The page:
Indebtedness. The Brookings Institution released a report in Fall 2015 about indebtedness. In 2011, students from for-profit schools borrowed 25 percent of loans while only representing 9 percent of enrolled students. In 2014, 25 percent of borrowers were from for-profit schools while representing 16.7 percent of the student loan debt (p. 25-26). The findings about indebtedness are paradoxical. For-profit college students are more likely to take out loans. On the other hand, the amount of debt owed is on average smaller. Although there is smaller debt, those who attend for-profit colleges have less access to non-loan aid, which increases their reliance on student loans and makes it more difficult to pay off the debt. This is shown through the default rate. While making up for a quarter of borrowers, those who attended for-profit colleges account for 35 percent of defaults in 2013, which is thankfully lower than the 44 percent in 2011.

Tuition: The College Board puts out statistics on tuition (see below). There's no nice way to put it: for-profit colleges have a higher tuition rate than public colleges. While the tuition and fees are higher, there is argument that the higher tuition is worthwhile. Cato Institute scholar Neal McCluskey postulates that in spite of the higher tuition, for-profit college provides more flexible scheduling, better student services, and more focused training.

Postscript: Comparing charter schools to public K-12 schools was much more straightforward. On average, charter schools outperform public K-12 schools. However, it is more difficult to render a verdict on for-profit schools. Part of the reason can be attributed to poor-performing schools, like we saw during the Corinthian College scandal. Just because an institution or business is for-profit does not mean it is going to succeed. Figuring out what success looks like becomes murkier when government regulation muddies it all up. What do I mean by that?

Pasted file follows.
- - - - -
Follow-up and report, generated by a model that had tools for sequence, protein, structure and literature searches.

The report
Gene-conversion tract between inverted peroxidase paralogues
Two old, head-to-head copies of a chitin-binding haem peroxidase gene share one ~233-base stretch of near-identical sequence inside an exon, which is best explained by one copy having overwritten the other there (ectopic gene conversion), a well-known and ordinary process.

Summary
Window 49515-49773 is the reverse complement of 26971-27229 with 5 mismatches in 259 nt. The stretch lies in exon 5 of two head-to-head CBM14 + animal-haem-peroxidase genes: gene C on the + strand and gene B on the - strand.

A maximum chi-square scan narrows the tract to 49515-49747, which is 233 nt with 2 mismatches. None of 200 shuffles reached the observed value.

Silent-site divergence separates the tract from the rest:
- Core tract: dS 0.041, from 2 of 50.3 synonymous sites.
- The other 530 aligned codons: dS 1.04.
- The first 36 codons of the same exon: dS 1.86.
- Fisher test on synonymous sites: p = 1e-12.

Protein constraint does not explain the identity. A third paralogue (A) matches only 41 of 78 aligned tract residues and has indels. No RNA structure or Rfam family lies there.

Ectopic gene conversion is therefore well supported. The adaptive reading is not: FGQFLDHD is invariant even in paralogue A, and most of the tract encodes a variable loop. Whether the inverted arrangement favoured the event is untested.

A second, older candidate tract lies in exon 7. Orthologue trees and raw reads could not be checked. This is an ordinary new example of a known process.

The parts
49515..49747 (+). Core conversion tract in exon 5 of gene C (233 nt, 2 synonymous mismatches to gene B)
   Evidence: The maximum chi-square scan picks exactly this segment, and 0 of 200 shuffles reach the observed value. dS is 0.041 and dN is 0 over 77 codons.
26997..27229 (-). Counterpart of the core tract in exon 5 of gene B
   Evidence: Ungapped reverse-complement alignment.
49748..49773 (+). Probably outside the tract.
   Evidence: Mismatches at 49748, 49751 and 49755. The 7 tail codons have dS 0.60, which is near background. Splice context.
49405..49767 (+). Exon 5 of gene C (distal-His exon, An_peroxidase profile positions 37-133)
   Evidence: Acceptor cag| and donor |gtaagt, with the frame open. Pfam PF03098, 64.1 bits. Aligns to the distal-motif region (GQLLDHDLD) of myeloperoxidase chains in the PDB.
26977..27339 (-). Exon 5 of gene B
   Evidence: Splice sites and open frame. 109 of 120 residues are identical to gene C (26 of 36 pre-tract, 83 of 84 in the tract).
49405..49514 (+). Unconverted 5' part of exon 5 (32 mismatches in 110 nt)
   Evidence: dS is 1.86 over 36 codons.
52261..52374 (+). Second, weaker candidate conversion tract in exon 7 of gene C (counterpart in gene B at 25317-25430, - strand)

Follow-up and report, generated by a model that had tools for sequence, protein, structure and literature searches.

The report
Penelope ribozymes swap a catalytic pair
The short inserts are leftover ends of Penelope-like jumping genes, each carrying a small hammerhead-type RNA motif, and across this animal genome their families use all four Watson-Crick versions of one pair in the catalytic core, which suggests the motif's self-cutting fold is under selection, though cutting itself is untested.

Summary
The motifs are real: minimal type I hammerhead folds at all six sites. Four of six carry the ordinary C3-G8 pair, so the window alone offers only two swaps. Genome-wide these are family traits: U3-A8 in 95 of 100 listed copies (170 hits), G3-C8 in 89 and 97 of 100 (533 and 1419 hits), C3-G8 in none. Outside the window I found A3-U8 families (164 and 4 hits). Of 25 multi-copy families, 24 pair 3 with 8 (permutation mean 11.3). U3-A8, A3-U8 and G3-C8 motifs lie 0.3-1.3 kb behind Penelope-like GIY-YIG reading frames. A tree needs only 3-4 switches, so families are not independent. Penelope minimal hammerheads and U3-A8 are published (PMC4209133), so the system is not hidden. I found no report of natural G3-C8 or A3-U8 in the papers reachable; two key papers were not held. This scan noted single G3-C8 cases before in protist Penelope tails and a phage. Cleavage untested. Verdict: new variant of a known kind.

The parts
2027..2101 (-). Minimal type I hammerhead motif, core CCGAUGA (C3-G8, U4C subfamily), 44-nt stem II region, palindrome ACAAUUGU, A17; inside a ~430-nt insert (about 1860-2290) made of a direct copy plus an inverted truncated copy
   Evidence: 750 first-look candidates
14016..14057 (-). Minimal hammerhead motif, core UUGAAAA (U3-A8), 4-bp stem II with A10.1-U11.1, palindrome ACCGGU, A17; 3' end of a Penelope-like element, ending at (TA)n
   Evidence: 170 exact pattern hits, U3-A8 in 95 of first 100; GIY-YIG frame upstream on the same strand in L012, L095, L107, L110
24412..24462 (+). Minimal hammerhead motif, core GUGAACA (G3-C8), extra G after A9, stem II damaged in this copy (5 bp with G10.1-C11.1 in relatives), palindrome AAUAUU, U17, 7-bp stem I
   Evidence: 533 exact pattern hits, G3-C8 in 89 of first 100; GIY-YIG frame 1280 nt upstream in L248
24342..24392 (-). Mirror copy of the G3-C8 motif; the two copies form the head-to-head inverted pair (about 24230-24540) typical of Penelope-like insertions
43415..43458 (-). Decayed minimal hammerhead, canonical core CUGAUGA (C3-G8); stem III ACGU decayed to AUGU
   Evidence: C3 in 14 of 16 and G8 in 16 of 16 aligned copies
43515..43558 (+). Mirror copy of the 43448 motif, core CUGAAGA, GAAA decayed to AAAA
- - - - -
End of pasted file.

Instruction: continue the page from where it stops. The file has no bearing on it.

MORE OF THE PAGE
It starts with the federal government subsidies. I have brought this up before, but when the demand for a good or service is artificially boosted, price also increases. This goes beyond basic microeconomic theory. In July 2015, the Federal Reserve Bank of New York released a report saying that for every dollar that is spent on a subsidy for a student, the tuition goes up by 60 cents. This effect is more pronounced for those in private institutions, e.g., for-profit schools. The National Bureau of Research also put out research in February 2016 concluding that government subsidies accounted for 78 percent of the tuition increases from 1987 to 2010 (Gordon and Hedlund, 2016).

But wait, it gets weirder because the government does not treat for-profit schools the same way it does for-profit schools. If anything, there is greater regulatory scrutiny. The effects of government subsidies gets further distorted with what is called the 90-10 rule, which states that a for-profit college receive no more than 90 percent of their funding from the federal government. Both public schools and for-profit schools depend on federal government subsidies. Public schools can at least rely less heavily on federal government subsidies and lean more on state funds. For-profit colleges don't have that luxury, and thus have to recruit more students, which would explain why this U.S. Senate report found that for-profit colleges spend 22 percent of its revenue on advertising. This 90-10 rule creates perverse incentives, e.g., high levels of advertising, because more students means more money from the federal government.

The effects of the 90-10 rule are even further distorted by the "gainful employment" rule, which was implemented by the Obama administration in 2015. This rule was created to stop for-profit colleges from abusing the 90-10 rule by requiring that "for-profit schools that receive federal funding ensure their graduates have high earnings relative to the debt that they have accumulated." This is a perverse incentive because it encourages for-profit colleges to help the students with the highest potential to graduate, which would have even more adverse effects on completion rates.

Can I say that for-profit colleges are preferable to public colleges? Given the distortionary effects of federal government subsidies and other regulations, it is hard to ascertain without broad, systemic data that provides apples-to-apples comparisons. The evidence is skewed based much more on the perverse incentives than it is the supposed evils of profit-making. We don't live in a world in which the government has little to no influence on for-profit colleges. The federal government has a huge sway over for-profit college operations. For-profit college enrollment growth shows that demand has not slowed down. We even see the growth of for-profit colleges in such countries as Sweden, Australia, and the United Kingdom. Given that the President-Elect owns Trump University, I wouldn't be surprised if government policy ends up being friendlier towards for-profit colleges than the Obama administration has been.